February 03, 2015
The Reserve Bank has announced a 25 basis point cash rate cut, bringing the official interest rate to a record low of 2.25%.
At its first board meeting of the year today, the RBA chose to cut the cash rate from its previous record low of 2.5% – where it was held for 15 consecutive months.
This decision may come as a surprise to some, as economists and analysts largely tipped the cash rate to remain on hold – for February at least. The monthly Reserve Bank survey compiled by finder.com.au found that 28 of the 30 economists and analysts surveyed expected the cash rate to remain steady at 2.5% today.
However, this was also the first time since August 2013 that the survey showed some panellists forecasting a cash rate change for next proceeding cash rate announcement. This was also the last time the cash rate moved; it dropped by 25 basis points to 2.5%.
Jessica Darnbrough, spokesperson for Mortgage Choice says last month’s disappointing consumer sentiment result combined with a recent spate of poor economic data ultimately forced the RBA to take action and cut the cash rate today.
“Data from the Westpac Melbourne Institute of Consumer Sentiment found confidence grew by just 2.4% in January to 93.2, meaning pessimists still outnumber optimists by a significant majority,” she said.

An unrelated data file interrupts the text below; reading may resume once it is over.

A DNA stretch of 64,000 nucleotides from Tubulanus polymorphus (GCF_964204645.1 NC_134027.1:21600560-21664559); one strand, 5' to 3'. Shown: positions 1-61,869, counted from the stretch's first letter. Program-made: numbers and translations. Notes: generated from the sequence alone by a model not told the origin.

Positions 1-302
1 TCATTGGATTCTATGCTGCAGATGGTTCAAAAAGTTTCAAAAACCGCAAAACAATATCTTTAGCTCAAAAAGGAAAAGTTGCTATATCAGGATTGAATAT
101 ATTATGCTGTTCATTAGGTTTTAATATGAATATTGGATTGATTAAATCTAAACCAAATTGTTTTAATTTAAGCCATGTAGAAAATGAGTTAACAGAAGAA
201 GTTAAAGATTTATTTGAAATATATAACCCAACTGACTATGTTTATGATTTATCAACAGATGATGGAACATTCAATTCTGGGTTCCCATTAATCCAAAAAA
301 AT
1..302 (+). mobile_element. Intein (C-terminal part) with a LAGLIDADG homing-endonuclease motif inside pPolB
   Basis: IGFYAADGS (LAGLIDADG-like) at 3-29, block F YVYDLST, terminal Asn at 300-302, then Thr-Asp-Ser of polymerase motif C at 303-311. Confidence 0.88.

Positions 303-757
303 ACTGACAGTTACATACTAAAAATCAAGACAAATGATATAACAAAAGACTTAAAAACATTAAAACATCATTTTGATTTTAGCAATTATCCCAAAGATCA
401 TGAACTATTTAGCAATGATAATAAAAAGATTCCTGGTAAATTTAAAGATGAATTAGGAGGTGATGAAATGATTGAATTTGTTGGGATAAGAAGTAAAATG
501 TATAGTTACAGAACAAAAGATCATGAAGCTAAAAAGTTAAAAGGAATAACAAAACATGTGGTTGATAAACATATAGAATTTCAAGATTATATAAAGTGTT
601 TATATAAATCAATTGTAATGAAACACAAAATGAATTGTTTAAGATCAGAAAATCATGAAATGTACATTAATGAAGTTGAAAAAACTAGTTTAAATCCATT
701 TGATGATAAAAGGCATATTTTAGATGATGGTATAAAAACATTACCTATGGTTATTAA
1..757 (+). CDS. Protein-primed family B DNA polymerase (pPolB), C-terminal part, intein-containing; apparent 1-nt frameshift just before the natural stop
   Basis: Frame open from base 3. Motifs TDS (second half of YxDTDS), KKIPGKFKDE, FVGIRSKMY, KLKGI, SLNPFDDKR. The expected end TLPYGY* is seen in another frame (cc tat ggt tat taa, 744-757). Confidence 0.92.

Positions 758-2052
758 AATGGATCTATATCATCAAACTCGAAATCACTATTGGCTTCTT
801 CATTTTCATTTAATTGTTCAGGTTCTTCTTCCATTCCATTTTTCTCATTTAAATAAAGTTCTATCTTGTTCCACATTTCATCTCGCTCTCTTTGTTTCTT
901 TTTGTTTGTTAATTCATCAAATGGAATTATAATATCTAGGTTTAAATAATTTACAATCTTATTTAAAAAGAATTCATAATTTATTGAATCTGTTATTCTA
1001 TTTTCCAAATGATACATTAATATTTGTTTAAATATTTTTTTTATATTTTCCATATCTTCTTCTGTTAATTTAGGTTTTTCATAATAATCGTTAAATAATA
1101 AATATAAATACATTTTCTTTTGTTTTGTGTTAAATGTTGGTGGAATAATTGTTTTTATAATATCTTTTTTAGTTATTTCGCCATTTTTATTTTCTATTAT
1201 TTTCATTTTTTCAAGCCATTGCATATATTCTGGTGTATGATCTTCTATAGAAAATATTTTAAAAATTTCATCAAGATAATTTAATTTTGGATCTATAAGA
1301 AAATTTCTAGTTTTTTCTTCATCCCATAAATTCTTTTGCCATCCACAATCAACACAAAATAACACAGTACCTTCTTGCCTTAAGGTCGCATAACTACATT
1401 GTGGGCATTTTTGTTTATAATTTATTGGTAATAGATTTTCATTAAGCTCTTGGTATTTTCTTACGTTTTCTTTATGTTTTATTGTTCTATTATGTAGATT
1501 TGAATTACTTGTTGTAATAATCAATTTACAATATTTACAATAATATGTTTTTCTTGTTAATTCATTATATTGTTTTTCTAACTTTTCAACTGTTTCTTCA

“And it is not just consumer sentiment that is low. The latest Monthly Business Survey from National Australia Bank found business confidence is currently sitting well below long run averages.”
On the bright side, however, brokers and borrowers can brace themselves for lower interest rates.
“Moving forward, this latest rate cut should encourage many of Australia’s lenders to follow suit and trim the interest on their suite of home loan products. If lenders do pass on the latest rate cut in full we could expect to see more and more potential home buyers jumping onto the property ladder as they look to take advantage of the historically low rate environment.”
Tim Lawless, head of research CoreLogic RP Data says the rate cut is likely to bring the cost of mortgage debt to its lowest level since July 1968, which the Reserve Bank should be mindful of in the context of the housing market.
“Lower mortgage rates have the potential to add some fuel to what are already strong housing market conditions (dwelling values Australia’s capital cities have already increased by 19.6% since interest rates started falling back in November 2011),” he said.
“However, the stimulus from lower rates may not be as influential on housing market conditions as what we have seen in the past.”